Portal privacy

Home > Opinion > Editorials

print dictionary print

Portal privacy

On Jan. 19. the Internet portal Daum started an enhanced map service for locating places around Korea.

If a user types the name of a destination, the program shows the building’s name and photos of nearby streets. As the photos are high-definition, you can even make out car registration plates.

The problem is that photos of people can be uploaded and shown without their permission, which is an infringement of their privacy.

Daum maintains that since people’s faces are blurred, it isn’t compromising privacy rights.

But you only have to use the service once to realize that this is not the case.

Even though you can’t identify a person in a photo straightaway, it’s fairly easy to see clothing, belongings as well as front and back images because of the clarity of the shots.

There have even been cases of some people using some of the shots for a game: identify the people in view.

The number of users visiting Daum since it started this service has surged, and other Internet portals are now preparing similar services, trying to offer higher-definition photos and more provocative functions.

So, now people are worried that their photos might be used for games on the Internet.

It is good to develop new services using new technologies because they can often make people’s lives easier. However, there is always a flip side, which in this case is a clear case of invading other people’s private lives and raising the specter of security breaches.

What is needed now is a period of evaluation to protect people’s basic rights and national security.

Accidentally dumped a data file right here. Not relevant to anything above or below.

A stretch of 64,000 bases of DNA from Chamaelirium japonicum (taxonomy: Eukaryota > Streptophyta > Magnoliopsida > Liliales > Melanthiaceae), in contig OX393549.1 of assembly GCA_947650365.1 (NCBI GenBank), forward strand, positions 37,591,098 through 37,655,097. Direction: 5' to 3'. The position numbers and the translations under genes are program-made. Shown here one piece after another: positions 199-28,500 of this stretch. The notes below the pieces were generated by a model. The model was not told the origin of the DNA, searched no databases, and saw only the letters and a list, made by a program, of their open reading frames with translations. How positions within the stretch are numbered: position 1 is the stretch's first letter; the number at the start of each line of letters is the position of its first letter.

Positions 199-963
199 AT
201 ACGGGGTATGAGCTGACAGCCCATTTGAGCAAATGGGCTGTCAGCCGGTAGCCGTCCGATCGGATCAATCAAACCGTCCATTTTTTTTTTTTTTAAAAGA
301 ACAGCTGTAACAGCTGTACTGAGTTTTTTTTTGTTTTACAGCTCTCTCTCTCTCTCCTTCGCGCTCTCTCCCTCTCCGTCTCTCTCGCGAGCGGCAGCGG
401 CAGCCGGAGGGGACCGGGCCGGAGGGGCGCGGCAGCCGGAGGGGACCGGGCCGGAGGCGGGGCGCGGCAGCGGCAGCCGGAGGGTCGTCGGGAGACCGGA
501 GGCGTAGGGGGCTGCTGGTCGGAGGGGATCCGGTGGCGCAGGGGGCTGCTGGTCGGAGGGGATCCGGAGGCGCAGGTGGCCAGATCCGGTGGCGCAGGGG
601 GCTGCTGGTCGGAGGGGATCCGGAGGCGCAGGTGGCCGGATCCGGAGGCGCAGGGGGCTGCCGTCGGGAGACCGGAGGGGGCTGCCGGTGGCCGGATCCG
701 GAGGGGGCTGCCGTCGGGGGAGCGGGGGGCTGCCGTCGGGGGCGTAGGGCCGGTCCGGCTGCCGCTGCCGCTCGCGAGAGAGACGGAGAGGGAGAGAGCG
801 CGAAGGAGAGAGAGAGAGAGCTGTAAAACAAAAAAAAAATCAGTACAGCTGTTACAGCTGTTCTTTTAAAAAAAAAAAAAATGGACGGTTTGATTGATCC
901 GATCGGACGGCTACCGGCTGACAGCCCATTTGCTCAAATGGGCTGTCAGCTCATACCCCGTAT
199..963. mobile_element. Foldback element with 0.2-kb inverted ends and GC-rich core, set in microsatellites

Experts have called for such a measure for new services on the Internet for reasons outlined above.

But the Korea Communications Commission and other concerned authorities have not accepted this request, saying that such measures might hinder the development of new technologies. They say that if a person’s privacy is infringed, he can appeal to the court as an individual rather than resort to market regulation.

However, Internet portals are growing in influence and cases can’t be handled individually. A portal with 30 million visitors a day can’t realistically protect people’s privacy, so it’s not too far fetched to say that most of the users are potential victims.

The Korea Communications Commission must devise standards that permit new services on portals and evaluate services before they are made available to the public in order to protect the majority.

The primary responsibility for the protection of people’s privacy lies with the portal. Daum must ensure that photos are not misused, even if the portal has to temporarily suspend the service.

More in Editorials

Power corrupts

Unreasonable shutdown

Fearing the jab

Noraebang blues

Hong learns a lesson

Log in to Twitter or Facebook account to connect
with the Korea JoongAng Daily
help-image Social comment?
lock icon

To write comments, please log in to one of the accounts.

Standards Board Policy (0/250자)

What’s Popular Now